Snake charmer Faizal Ahmad kisses a king cobra during a snake show at the National Museum in Kuala Lumpur, Malaysia, on Wednesday. Bazuki Muhammad/Reuters
A performer wearing a transparent box with water gestures in front of a fountain as she wanders around the street during her group's street performance "Waterheads," as a part of the Hi Seoul Festival 2010 in central Seoul on Wednesday. The performance was created and performed by Australian street performance group Erth. Jo Yong-Hak/Reuters
Australia's Emily Seebohm swims to win the gold medal in the 100 m backstroke at the Commonwealth Games in New Delhi, India, on Wednesday. Victor R. Caivano/AP
Three-week-old Sumatra tiger cub Daseep looks out of her box during her first public appearance at the zoo in Frankfurt on Wednesday. Daseep was surprisingly born to her mother Malea who was thought to be infertile, according to the zoo's vet. Kai Pfaffenbach/Reuters
In this undated image made from video footage which aired on North Korea's Korean Central Television on Tuesday, North Korean leader Kim Jong-il (c.) wearing sunglasses, and his third son, Kim Jong-un, (3rd l. front row), pose with North Korean officials and soldiers. Korean Central Television via Yonhap/AP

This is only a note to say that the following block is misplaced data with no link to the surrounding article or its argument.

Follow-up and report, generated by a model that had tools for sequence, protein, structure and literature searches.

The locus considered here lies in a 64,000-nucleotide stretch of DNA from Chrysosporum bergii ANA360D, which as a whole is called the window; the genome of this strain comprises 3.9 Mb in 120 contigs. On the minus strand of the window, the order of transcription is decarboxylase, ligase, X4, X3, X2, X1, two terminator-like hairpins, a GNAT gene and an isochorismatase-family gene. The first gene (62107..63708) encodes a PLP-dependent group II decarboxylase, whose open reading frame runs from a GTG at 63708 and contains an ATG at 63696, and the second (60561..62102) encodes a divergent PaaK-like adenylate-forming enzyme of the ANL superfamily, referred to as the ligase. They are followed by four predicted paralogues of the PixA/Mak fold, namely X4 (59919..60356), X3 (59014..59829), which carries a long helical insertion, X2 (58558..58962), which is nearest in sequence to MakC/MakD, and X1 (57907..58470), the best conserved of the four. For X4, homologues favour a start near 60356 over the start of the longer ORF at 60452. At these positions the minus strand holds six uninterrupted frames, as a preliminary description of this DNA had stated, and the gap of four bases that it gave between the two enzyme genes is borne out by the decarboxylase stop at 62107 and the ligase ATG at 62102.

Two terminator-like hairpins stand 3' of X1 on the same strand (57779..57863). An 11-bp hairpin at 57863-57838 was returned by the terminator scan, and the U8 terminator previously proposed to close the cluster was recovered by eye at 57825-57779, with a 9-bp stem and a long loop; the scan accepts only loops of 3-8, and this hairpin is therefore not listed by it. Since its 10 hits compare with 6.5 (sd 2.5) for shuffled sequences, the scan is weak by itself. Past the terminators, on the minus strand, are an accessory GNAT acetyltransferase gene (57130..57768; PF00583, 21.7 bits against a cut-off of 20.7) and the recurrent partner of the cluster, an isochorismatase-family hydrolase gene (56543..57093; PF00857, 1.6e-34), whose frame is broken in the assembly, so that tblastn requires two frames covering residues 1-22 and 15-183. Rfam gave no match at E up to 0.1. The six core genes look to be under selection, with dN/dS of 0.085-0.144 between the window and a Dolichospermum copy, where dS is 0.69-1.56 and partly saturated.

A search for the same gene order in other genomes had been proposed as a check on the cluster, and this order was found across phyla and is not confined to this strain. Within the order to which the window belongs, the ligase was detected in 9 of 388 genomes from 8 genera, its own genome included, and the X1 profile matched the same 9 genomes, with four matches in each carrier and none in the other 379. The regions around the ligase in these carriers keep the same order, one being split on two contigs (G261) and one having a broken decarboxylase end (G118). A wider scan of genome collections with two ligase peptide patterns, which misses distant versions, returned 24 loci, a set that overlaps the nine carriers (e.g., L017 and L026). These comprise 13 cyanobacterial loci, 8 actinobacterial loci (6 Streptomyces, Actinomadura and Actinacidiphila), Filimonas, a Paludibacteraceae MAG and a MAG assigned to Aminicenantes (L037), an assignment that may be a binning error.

An emperor penguin chick, born in September, is seen at SeaWorld San Diego on Wednesday. The chick weighs nearly two pounds, stands seven inches high, and is being reared at SeaWorld's Penguin Encounter. It's the 21st successful hatching of an emperor penguin at SeaWorld San Diego, the only place in North America to house and successfully breed the species, according to park officials. SeaWorld San Diego/AP
The insides of a Bellemont, Ariz., home are exposed after a tornado swept through the small community west of Flagstaff on Wednesday. Felicia Fonseca/AP
A journalist visits the work "Y" by Belgian artist Carsten Holler during the exhibition "Travels in Hyperspace" at the La Laboral theater in Gijon, Spain, on Wednesday. "Travels in Hyperspace" is a selection of works drawn from the collection of Thyssen-Bornemisza Art Contemporary. Eloy Alonso/Reuters
Secretary of State Hillary Clinton reacts as she receives applause before speaking at the Fortune "Most Powerful Women" summit in Washington on Wednesday. Kevin Lamarque/Reuters